On Monday I found myself hanging around camp for quite a while, which is unusual for me. Finally clued in that I had let myself get dehydrated. I had been having diarrhea and low appetite for several days leading up to this trip. Expect it was from eating raw wild edible plants. Happens from time to time doing that because we never know if some source of contamination came in contact with it earlier. Safer to cook yet because I prefer the taste of raw with some of the wild edibles, I take my chances many times each year. Forced myself to eat and drink then took a nap. Hit the trail that afternoon exploring more of the area around Fanny lake then checked out the Boot lake campground.

    Eva swimming in Fanny Lake.




    Boot lake. Estimate the deepest part in this pic is 7'-9'.



    Tuesday walked the trail to the Jones Spring Impoundment again. Mainly searching for spots where a group could hang. Very thick in most spots. It is tough finding a spot for one hammock, much less several.

    Wednesday hiked the Yellow trail again, looking for group hang options again. The areas along this loop are (comparatively) more open than the areas along the Red trail. I saw very little poison ivy during my hiking. Most of it that I saw was along the Yellow trail.


    Eva waiting for my tired old bones to catch up.




    All in all I had a great time. Wonderful area at a time when the insects and heat were not bad at all. The scenery was just gorgeous everywhere I went but then I have always loved the northwoods. The Spring sounds of the birds and frogs were a symphony to my ears. Gotta love the lakes up there! Very clear, fish surfacing frequently, just gorgeous. What a hoot.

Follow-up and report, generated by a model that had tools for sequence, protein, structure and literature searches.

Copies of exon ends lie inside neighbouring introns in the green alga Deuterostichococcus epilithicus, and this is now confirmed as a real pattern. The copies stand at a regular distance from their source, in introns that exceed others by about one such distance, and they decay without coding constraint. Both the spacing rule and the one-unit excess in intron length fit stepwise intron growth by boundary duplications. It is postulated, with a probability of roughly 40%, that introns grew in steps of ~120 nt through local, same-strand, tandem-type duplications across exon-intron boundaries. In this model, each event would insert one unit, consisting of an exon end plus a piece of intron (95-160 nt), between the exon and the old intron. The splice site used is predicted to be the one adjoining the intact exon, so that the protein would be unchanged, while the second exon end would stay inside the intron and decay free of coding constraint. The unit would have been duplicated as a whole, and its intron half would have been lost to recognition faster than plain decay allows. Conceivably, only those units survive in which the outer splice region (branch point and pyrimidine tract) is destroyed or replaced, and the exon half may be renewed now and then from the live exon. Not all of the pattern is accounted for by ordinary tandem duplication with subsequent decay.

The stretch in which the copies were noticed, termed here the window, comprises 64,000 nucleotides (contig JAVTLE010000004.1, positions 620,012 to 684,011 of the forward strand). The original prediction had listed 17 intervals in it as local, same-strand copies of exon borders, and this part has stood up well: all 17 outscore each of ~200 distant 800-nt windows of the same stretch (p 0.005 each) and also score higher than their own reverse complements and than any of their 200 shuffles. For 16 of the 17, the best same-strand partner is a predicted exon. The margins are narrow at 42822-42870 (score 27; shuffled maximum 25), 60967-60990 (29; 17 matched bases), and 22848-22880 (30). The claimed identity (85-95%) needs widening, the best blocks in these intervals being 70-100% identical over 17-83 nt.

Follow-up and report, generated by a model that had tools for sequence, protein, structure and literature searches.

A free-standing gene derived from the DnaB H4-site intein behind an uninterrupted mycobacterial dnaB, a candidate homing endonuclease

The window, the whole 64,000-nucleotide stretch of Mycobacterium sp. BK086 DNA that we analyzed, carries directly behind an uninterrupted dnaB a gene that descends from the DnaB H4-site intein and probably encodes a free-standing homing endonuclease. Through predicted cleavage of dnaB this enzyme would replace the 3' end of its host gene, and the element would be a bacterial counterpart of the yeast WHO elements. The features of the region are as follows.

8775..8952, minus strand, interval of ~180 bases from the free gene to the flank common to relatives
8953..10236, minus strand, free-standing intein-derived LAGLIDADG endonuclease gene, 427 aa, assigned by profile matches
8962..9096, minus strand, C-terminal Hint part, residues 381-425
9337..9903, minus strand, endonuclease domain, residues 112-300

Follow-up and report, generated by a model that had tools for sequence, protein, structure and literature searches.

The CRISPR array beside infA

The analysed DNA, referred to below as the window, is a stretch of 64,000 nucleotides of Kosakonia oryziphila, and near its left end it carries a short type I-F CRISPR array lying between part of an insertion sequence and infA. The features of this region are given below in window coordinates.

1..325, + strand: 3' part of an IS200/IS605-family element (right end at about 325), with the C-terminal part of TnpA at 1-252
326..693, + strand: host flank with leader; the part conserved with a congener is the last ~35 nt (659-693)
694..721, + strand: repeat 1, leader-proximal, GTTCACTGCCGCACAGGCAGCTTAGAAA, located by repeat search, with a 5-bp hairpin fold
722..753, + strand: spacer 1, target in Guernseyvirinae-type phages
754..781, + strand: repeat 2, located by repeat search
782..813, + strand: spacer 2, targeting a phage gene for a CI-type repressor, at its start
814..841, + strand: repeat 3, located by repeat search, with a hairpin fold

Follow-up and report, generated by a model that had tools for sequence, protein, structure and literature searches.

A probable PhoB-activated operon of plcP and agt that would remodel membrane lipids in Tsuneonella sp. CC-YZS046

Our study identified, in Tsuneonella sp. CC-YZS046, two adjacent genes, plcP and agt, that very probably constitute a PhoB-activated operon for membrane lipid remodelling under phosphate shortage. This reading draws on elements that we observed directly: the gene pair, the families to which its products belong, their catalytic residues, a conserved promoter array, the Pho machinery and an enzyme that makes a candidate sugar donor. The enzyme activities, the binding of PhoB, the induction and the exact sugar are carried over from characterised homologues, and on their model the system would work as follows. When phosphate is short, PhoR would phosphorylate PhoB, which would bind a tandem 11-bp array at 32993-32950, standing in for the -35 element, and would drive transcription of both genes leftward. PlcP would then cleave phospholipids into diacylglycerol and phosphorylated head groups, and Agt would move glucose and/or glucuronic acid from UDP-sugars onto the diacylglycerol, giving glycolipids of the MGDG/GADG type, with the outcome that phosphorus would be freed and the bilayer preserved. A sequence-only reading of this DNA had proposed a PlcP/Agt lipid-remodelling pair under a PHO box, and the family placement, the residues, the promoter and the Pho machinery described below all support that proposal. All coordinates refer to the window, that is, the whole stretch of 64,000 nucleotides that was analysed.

(insert pithy quote here)

  5. #5
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    Excellent report. Well written and nice photos. I can imagine how wonderful it was to lay there in the hammock and listen to the bird calls echoing across the lake. I look forward to more trip reports.

  6. #6
    Senior Member skwatupu's Avatar
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    Nice write up. Looks and sounds like nice territory. Thanks for sharing.

  7. #7
    Senior Member Dux's Avatar
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    Thanks guys. I plan on going up there twice more this year.
    (insert pithy quote here)

  8. #8
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    Double stamped "S" on the fire ring at the Adirondack shelter between Upper and Lower Jones Lakes. This was the only fire ring with a typo that I saw in the area.

    (insert pithy quote here)

  9. #9
    alifeoutdoors's Avatar
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    We have an annual get together at a friends family cabin every winter and I ski or snowshoe Jones Spring every time. Great trails. Never seen them without snow. Thanks for the alternative perspective, sorry some of it was underwater :P

  10. #10
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    Where does your dog sleep? I want to bring my lab and (English) pointer, but I am afraid they will get too cold on the ground. They sure aren't coming in the hammock! Great pics and fantastic report.